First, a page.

The whole full-frame “equivalence” thing

There is a lot of talk on the internet about the “equivalency” of crop-sensors relative to full-frame sensors – often in an attempt to somehow rationalize things in the context of the ubiquitous 35mm film frame size (36×24mm). Usually equivalence involves the use of the cringe-worthy “crop-factor”, which is just a numeric value which compares the dimensions of one sensor against those of another. For example a camera with an APS-C sensor, e.g. Fuji-X, has a sensor size of 23.5×15.6mm which when compared with a full-frame (FF) sensor gives a crop-factor of approximately 1.5. The crop-factor is calculated by dividing the diagonal of the FF sensor by that of the crop-sensor, in the case of the example 43.42/28.21 = 1.53.

Fig.1: Relative sensor sizes and associated crop-factors.

Easy right? But this only really only matters if you want to know what the full-frame equivalent of a crop-sensor lens is. For example a 35mm lens has an angle of view of rough 37° (horizontal). If you want to compare this to a full-frame lens, you can multiply this by the crop-factor for APS-C sensors, so 35×1.5≈52.5mm. So an APS-C 35mm lens has a full-frame equivalency of 52.5mm which can be rounded to 50mm, the closest full-frame equivalent lens. Another reason equivalency might be important is perhaps you want to take similar looking photographs with two different cameras, i.e. two cameras with differing sensor sizes.

But these are the only real contexts where it is important – regardless of the sensor size, if you are not interested in comparing the sensor to that of a full-frame camera, equivalencies don’t matter. But what does equivalence mean? Well it has a number of contexts. Firstly there is the most commonly used situation – focal-length equivalence. This is most commonly used to relate how a lens attached to a crop-sensor camera behaves in terms of a full-frame sensor. It can be derived using the following equation:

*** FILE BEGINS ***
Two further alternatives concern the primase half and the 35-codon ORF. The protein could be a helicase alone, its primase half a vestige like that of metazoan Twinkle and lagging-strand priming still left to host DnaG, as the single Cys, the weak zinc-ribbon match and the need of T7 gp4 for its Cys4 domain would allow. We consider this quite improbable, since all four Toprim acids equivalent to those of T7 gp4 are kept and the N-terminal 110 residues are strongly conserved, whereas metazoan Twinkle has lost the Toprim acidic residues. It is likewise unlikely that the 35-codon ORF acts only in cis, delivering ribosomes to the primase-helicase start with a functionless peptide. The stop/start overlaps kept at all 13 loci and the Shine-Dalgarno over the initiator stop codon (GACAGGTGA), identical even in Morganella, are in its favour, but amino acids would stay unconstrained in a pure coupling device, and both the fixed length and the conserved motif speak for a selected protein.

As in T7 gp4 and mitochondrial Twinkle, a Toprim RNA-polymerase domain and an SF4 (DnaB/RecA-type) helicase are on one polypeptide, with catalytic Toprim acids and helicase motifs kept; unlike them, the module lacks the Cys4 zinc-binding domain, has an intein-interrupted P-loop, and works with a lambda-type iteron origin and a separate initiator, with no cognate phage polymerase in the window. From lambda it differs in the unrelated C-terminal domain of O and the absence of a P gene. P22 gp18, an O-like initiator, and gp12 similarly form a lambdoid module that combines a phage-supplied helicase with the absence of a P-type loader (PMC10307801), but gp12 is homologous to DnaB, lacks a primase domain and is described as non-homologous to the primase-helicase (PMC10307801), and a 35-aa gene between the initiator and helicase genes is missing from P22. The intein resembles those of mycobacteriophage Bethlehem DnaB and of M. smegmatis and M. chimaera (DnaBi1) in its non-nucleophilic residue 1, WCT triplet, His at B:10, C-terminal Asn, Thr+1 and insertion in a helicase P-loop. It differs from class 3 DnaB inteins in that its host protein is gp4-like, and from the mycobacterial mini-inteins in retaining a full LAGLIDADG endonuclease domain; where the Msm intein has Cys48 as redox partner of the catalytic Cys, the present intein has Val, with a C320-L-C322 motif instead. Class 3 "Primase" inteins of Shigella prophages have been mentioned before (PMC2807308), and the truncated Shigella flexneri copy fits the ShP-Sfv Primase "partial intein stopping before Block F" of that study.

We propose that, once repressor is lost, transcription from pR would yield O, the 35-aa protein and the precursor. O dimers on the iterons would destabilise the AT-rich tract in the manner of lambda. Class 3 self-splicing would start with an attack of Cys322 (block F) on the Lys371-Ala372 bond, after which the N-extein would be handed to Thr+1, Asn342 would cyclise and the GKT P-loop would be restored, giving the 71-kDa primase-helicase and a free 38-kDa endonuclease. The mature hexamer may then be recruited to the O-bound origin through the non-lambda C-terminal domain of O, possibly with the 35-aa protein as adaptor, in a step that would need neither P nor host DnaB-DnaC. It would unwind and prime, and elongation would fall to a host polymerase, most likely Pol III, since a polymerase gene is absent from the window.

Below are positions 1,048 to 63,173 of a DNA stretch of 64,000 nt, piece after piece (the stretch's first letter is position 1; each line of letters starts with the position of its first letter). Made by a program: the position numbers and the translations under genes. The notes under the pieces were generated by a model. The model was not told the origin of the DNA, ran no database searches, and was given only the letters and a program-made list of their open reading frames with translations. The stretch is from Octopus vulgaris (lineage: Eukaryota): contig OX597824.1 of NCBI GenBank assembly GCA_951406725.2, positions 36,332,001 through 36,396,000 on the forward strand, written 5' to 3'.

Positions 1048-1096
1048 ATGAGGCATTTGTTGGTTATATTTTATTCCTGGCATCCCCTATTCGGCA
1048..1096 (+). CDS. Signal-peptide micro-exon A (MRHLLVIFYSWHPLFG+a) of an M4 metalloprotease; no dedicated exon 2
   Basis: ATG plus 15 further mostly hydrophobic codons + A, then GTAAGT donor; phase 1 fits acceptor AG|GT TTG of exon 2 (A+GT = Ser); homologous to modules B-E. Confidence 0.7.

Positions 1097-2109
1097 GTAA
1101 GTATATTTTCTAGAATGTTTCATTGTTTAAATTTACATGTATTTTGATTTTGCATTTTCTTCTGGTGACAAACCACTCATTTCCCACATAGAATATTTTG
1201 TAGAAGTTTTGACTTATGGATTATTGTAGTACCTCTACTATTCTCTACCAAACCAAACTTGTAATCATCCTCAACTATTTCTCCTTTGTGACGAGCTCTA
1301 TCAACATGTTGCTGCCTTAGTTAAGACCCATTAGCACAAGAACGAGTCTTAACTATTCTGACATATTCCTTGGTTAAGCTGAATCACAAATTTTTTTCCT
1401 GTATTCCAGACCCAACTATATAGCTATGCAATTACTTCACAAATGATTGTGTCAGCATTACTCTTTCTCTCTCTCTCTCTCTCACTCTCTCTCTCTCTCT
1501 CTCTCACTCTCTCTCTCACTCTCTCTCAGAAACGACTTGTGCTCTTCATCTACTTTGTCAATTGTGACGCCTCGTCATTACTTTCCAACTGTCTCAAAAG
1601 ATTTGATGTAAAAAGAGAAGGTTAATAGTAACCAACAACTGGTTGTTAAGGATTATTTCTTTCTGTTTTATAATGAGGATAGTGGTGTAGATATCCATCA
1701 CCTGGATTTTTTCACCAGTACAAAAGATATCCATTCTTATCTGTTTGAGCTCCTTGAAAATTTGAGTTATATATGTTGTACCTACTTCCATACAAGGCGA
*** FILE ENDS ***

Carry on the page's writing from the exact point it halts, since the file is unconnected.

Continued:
Equivalent-FL = focal-length × crop-factor

The crop-factor in any case is more of a differential-factor which can be used to compare lenses on different sized sensors. Figure 2 illustrates two different systems with different sensor sizes, with two lenses that have an identical angle of view. To achieve the same angle of view on differently sized sensors, a different focal length is needed. A 25mm lens on a MFT sensor with a crop-factor of 2.0 gives the equivalent angle of view as a 50mm lens on a full-frame sensor.

Fig.2: Focal-length equivalence (AOV) between a Micro-Four-Thirds, and a full-frame sensor.

Focal length equivalency really just describes how a lens will behave on different sized sensors, with respect to angle-of-view (AOV). For example the image below illustrates the AOV photograph obtained when using a 24mm lens on three different sensors. A 24mm lens used on an APS-C sensor would produce an image equivalent to a full-frame 35mm lens, and the same lens used on a MFT sensor would produce an image equivalent to a full-frame 50mm lens.

Fig.3: The view of a 24mm lens on three different sensors.

When comparing a crop-sensor camera directly against a FF camera, in the context of reproducing a particular photograph, two other equivalencies come into play. The first is aperture equivalence. An aperture is just the size of the hole in the lens diaphragm that allows light to pass through. For example an aperture of f/1.4 on a 50mm lens means a maximum aperture size of 50mm/1.4 = 35.7mm. A 25mm f/1.8 MFT lens will not be equivalent to a 50mm f/1.8mm FF lens because the hole on the FF lens would be larger. To make the lenses equivalent from the perspective of aperture requires multiplying the aperture value by a crop factor:

Equivalent-Aperture = f-number × crop-factor

Figure 4 illustrates this – a 25mm lens used at f/1.4 on a MFT camera would be equivalent to using a 50mm with an aperture of f/2.8 on a full-frame camera.

Fig.4: Aperture equivalence between a 25mm MFT lens, and a 50mm full-frame lens.

The second is ISO equivalence, with a slightly more complication equation:

Equivalent-ISO = ISO × crop-factor²

Therefore a 35mm APS-C lens at f/5.6 and 800 ISO would be equivalent to a 50mm full frame lens at f/8 and 1800 ISO. Below is a sample set of equivalencies:

           Focal Length / F-stop = Aperture ∅ (ISO)
       MFT (×2.0): 25mm / f/2.8 = 8.9mm (200)
     APS-C (×1.5): 35mm / f/3.9 = 8.9mm (355)
Full-frame (×1.0): 50mm / f/5.6 = 8.9mm (800)
      6×6 (×0.55): 90mm / f/10.0 = 9.0mm (2600)

Confused? Yes, and so are many people. None of this is really that important, except to understand how a lens behaves will be different depending on the size of the sensor in the camera it is used on. Sometimes, focal-length equivalence isn’t even possible. There are full-frame lenses that just don’t have a cropped equivalent. For example a Sigma 14mm f/1.8 would need an APS-C equivalent of 9mm f/1.2, or a MFT equivalent of 7mm f/0.9. The bottom line is that if you only photography using a camera with an APS-C sensor, then how a 50mm lens behaves on that camera should be all that matters.

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